Pat Benatar Synchronistic Wanderings Recorded Anthology 1979 to 1999

Pat Benatar Synchronistic Wanderings Recorded Anthology 1979 to 1999 album cover

Release Date: 1999-10-05

Album ID: 72434-99803-2-7

Track Listing

Synchronistic Wanderings complete liner notes here.


Synchronistic Wanderings – Behind the Music

This article reprinted from ICE Magazine, April 1999 issue:

EMI/Capitol Records Catalog division will release a three-CD Pat Benatar collection on May 18, tentatively titled Synchronistic Wanderings (Recorded Anthology 1979-1999). The new set covers the period from Benatar’s first hit, 1979’s “Heartbreaker,” up through her 1997 Innamorata album, and includes the Top 10 singles “Hit Me with your Best Shot,” “Love Is a Battlefield,” and “Invincible.” Benatar and husband/producer/guitarist Neil Geraldo [sic] were closely involved in compiling the project.

“We wanted to include all of her charting Billboard singles,” reissue coproducer David Tedds tells ICE, “all of the key album tracks and a liberal sprinkling of rarities… yes, for the collectors, but also to sort of push the boundaries of what people’s perceptions of her are.”

Following is a listing of the new set’s collector’s items, with explanations:


“I Need a Lover,” 1979 recorded at New York’s Bottom Line, and part of a radio broadcast. “This was recorded about two weeks after the live band got together,” Tedds says, “which is why Neil and Pat want to use this, because it’s very early on in their formation. Even though there are versions that technically sound better, where the band sounds tighter and slicker, this is real raw – which is what they wanted.”

“Love is a Battlefield,” previously unreleased demo version. “It’s very different,” Tedds says. “In the finished version, Pat does multiple vocals, whereas in this, there’s only her lead vocal line.”


“Here’s My Heart,” from Giorgio Moroder’s 1984 soundtrack to Metropolis.

“New Dream Islands,” an unreleased outtake from Seven the Hard Way. “this was apparently the first song they had written and demo’ed for Seven the Hard Way in 1985,” Tedds says. “It was a direction they considered taking the album in, but that direction got changed. It’s a very beautiful, ethereal song… exactly what you’d expect a song called ‘New Dream Islands’ to sound like.”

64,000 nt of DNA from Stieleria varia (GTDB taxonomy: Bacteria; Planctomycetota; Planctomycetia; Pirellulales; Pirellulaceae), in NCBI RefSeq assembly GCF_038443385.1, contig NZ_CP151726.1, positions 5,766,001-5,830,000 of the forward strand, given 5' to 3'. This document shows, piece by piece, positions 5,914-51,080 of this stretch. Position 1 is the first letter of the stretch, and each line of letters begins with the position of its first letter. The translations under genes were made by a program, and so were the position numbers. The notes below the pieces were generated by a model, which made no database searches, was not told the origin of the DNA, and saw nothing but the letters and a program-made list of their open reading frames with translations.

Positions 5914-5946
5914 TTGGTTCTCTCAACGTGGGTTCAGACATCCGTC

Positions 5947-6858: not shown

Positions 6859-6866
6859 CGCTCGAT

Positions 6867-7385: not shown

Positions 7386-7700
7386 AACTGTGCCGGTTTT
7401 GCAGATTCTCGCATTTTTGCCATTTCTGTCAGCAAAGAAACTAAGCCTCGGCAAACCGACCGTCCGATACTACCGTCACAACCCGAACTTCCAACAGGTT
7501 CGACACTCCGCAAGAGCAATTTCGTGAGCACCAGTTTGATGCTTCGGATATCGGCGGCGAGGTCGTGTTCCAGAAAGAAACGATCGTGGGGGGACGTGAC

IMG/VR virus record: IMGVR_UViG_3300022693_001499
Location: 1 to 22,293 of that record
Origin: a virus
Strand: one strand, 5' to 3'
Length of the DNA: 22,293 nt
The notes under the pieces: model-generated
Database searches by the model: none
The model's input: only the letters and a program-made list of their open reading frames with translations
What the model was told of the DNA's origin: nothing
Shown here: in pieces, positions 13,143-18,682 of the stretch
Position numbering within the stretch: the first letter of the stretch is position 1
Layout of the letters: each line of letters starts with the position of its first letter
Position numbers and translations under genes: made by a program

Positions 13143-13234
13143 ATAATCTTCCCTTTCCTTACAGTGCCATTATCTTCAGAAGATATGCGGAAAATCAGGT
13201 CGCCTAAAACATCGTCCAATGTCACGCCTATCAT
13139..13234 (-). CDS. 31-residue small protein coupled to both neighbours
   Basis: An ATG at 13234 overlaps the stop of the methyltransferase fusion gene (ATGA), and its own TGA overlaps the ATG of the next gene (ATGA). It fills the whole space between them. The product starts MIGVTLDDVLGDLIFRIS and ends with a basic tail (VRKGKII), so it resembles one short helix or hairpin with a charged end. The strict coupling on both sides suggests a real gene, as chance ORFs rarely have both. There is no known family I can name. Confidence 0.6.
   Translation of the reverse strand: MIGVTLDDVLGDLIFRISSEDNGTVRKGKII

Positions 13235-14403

“Run Between the Raindrops,” recorded live in Philadelphia in 1988 and again, unreleased other than being part of a radio broadcast. “Neil was partial to this,” Tedds says; “He really likes Pat’s vocal. The song itself was written on the day their first child was born, and deals with that subject.”

“Sometimes the Good Guys Finish First,” from the 1987 soundtrack to The Secret of My Success.

“True Hearts,” an unreleased outtake from the Wide Awake in Dreamland sessions. “A great, uptempo song,” Tedds says, “one of those things you hear and say, ‘Why wasn’t it on the album?’ It just didn’t fit in with what they were doing with Dreamland.”

“Ooh Ooh Song,” sung in Spanish, the B-side to Benatar’s 1985 Top 40 hit of the same name.


“Crying,” the Roy Orbison song, from 1978, previously unreleased. “A finished, fully-produced demo for the first album,” Tedds says. “You can really tell the difference between this and [material found on] the first album… you can tell why this was not included. Both songwriting-wise and production-wise, it just would not have fit with [uptempo rockers like] ‘Heartbreaker’.”

“Shooting Star,” the Harry Chapin song, from Relativity’s 1990 Harry Chapin Tribute album. “Please Come Home for Christmas,” a CD-only track on Benatar’s 1991 True Love album.

“Tell Me Why,” the traditional song from Disney’s 1991 For Our Children benefit album.

“Temptation,” the 1993 B-side to her “Somebody’s Baby” single.

“Rise (Part 1),” an unreleased outtake from Gravity’s Rainbow, Benatar’s 1993 album. Gravity’s Rainbow has an acoustic song called ‘Rise (Part 2),” Tedds says. “This is basically the same song but done very electric, very Hendrix-like.”

“Every Time I Fall Back,” a remix of the song found on Gravity’s Rainbow. “The Effect You Have on Me,” from an Edith Piaf tribute album.

“Rescue Me,” the Fontella Bass classic, from the Speed soundtrack.

We asked Tedds about Benatar’s early recordings before she hit it big with “Heartbreaker.” “As most of her fans know, her background was in cabaret,” he says. “She did a vinyl single in 1974 called ‘Day Gig’ on Trace Records, and she also did a vinyl 12-inch single in ’74 as part of a band called Coxon’s Army, featuring songs like ‘Can’t Help Lovin’ Dat Man.” Very cabaret-type stuff” So why aren’t any of these on the new anthology? “At the artist’s request,” Tedds says. “Pat and Neil just said, ‘No… they’re just so different.”

Synchronistic Wanderings comes housed in a triple gatefold digipak, much like Sony Legacy’s recent Ta Mahal three-CD collection. Liner notes were penned by Billboard Editor-in-Chief Timothy White.

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